People may be telling you that these years you spent in school were the best of your life. Don't believe them. They may have been the most care-free, and the rest of your life you will have to worry about taking care of yourself, but the best isn't behind you. Good times don't end with your teens and early twenties. Soon you will be starting a career. If you haven't already found your significant other, that will probably happen soon, too. Your first apartment, your first house, your wedding, the birth of your children, should you want them...that is all still ahead. Those can all be the best times of your life if you let them. Being an adult is stressful...but it can also be joyous.
The job of your dreams might be out there...or it might not. Regardless, you'll probably have a dozen really, really bad jobs before you find the one you like enough to stick with until you retire. Never underestimate how long you can tolerate (and enjoy, despite yourself) a "bad" job that isn't what you dreamed of doing so long as your boss appreciates you and tells you so, and so long as the people who work with you can make you laugh when the going gets tough. And know that any day that starts with a few boxes of doughnuts in the breakroom can be a good day. It's the little things.
Some of the people you're friends with now will be your friend until the day you die and be there for you like a spouse: for richer, for poorer, in sickness, and in health. Some of your friends now will disappear from your life as soon as they have that diploma and you may or may not run into them years later on Facebook or at the reunion. You may even find that someone in this very hall with you now, who you love like a sibling, will end up disappointing you and breaking your heart. As you get older, your circle of good friends will get smaller. But those people who loved you when you were the life of the party and yet can still put up with your crap when your kids and spouse and job are wearing you out--now that's a friend. They may be fewer, but they're dearer.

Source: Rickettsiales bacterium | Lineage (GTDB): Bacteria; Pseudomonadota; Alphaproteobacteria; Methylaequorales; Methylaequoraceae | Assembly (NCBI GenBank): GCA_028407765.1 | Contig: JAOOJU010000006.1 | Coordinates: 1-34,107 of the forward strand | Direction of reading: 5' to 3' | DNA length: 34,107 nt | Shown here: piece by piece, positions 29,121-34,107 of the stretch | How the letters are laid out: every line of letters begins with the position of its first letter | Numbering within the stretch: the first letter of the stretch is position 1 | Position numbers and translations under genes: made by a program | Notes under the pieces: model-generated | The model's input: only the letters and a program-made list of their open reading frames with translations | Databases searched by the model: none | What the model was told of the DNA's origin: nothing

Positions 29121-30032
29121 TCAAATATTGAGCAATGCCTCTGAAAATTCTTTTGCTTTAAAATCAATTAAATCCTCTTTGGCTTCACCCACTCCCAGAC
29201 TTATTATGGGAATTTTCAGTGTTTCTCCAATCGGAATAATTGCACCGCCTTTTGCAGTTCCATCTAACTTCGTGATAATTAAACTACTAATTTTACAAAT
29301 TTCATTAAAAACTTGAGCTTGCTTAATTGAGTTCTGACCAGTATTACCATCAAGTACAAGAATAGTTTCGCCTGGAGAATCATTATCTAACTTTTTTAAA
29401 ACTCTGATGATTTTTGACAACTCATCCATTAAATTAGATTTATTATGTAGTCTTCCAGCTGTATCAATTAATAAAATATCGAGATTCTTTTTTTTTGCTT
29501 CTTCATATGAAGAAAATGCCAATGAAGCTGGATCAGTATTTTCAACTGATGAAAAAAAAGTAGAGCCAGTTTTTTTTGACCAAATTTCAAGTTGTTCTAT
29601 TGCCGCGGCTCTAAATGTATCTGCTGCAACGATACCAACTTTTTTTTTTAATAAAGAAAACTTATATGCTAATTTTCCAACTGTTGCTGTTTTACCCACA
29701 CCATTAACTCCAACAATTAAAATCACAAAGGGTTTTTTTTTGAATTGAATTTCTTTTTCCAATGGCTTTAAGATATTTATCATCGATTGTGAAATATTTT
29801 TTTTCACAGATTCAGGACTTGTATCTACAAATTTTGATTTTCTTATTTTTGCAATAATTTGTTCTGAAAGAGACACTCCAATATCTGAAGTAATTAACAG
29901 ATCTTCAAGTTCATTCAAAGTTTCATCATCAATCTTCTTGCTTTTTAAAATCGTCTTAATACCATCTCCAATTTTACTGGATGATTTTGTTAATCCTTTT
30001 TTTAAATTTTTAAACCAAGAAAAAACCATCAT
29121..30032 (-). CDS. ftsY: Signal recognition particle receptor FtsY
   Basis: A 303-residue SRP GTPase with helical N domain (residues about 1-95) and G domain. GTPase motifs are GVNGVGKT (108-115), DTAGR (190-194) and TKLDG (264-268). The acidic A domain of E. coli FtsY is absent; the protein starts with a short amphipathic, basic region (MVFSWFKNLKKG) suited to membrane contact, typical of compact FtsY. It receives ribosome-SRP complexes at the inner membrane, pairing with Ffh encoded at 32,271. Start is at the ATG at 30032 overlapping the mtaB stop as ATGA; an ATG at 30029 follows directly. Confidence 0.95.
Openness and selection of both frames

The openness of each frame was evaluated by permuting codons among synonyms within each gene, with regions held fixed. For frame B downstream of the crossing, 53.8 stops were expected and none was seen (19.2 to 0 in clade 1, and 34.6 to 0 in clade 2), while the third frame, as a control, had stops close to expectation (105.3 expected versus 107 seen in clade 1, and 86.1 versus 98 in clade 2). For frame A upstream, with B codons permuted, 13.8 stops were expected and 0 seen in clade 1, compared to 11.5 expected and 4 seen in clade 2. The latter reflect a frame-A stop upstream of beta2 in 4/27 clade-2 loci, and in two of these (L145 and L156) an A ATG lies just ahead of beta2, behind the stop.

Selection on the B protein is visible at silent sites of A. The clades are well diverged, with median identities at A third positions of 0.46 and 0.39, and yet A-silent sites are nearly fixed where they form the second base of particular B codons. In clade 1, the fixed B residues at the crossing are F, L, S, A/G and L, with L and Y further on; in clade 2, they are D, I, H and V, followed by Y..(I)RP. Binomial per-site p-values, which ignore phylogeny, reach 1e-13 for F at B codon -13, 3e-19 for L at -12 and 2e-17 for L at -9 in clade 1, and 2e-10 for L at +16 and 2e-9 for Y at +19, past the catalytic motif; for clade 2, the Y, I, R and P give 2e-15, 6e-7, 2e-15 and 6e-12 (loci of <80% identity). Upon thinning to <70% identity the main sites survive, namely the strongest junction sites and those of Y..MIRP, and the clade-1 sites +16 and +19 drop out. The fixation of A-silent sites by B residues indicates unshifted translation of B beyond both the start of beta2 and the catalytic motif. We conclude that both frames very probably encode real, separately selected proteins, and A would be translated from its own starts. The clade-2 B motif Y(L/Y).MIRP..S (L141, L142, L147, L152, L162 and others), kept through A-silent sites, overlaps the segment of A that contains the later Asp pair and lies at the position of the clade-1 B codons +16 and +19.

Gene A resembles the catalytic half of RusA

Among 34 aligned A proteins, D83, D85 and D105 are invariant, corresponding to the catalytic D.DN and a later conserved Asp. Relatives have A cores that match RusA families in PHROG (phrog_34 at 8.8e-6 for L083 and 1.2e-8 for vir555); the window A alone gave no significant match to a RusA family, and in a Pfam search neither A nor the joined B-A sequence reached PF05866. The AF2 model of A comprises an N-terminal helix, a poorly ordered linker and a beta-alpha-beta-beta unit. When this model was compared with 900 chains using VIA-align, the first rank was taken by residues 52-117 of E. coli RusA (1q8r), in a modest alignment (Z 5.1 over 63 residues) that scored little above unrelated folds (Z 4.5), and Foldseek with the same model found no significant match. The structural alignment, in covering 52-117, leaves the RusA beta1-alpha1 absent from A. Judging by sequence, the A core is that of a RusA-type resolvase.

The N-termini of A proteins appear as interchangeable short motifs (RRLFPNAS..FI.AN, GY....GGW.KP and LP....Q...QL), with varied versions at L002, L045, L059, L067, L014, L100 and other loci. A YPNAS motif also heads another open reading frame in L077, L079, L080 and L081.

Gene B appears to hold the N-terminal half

And finally--and this can't be said enough, even though it is trite and cliched--try to leave this world a little better than you found it. You don't have to do something huge like cure lung cancer or emergency-land an airplane on the Hudson to leave the world a better place. Just...plant a tree. Or recycle. Adopt a shelter animal. Say a kind word to a child who has heard nothing today but insults. Pick up trash. Give to the church or charity of your choice whenever you can. Make sure the important people in your life, those who may still be on this earth after you leave it, have good things to say about you after you're gone and know how much you love them.
Congratulations, Kyle. I look forward to seeing what you do with your talents and smarts, even though to me you will always be the little tow-headed boy fascinated by grasshoppers and Nickelodeon. Best of luck to you, and go out there and make us all proud.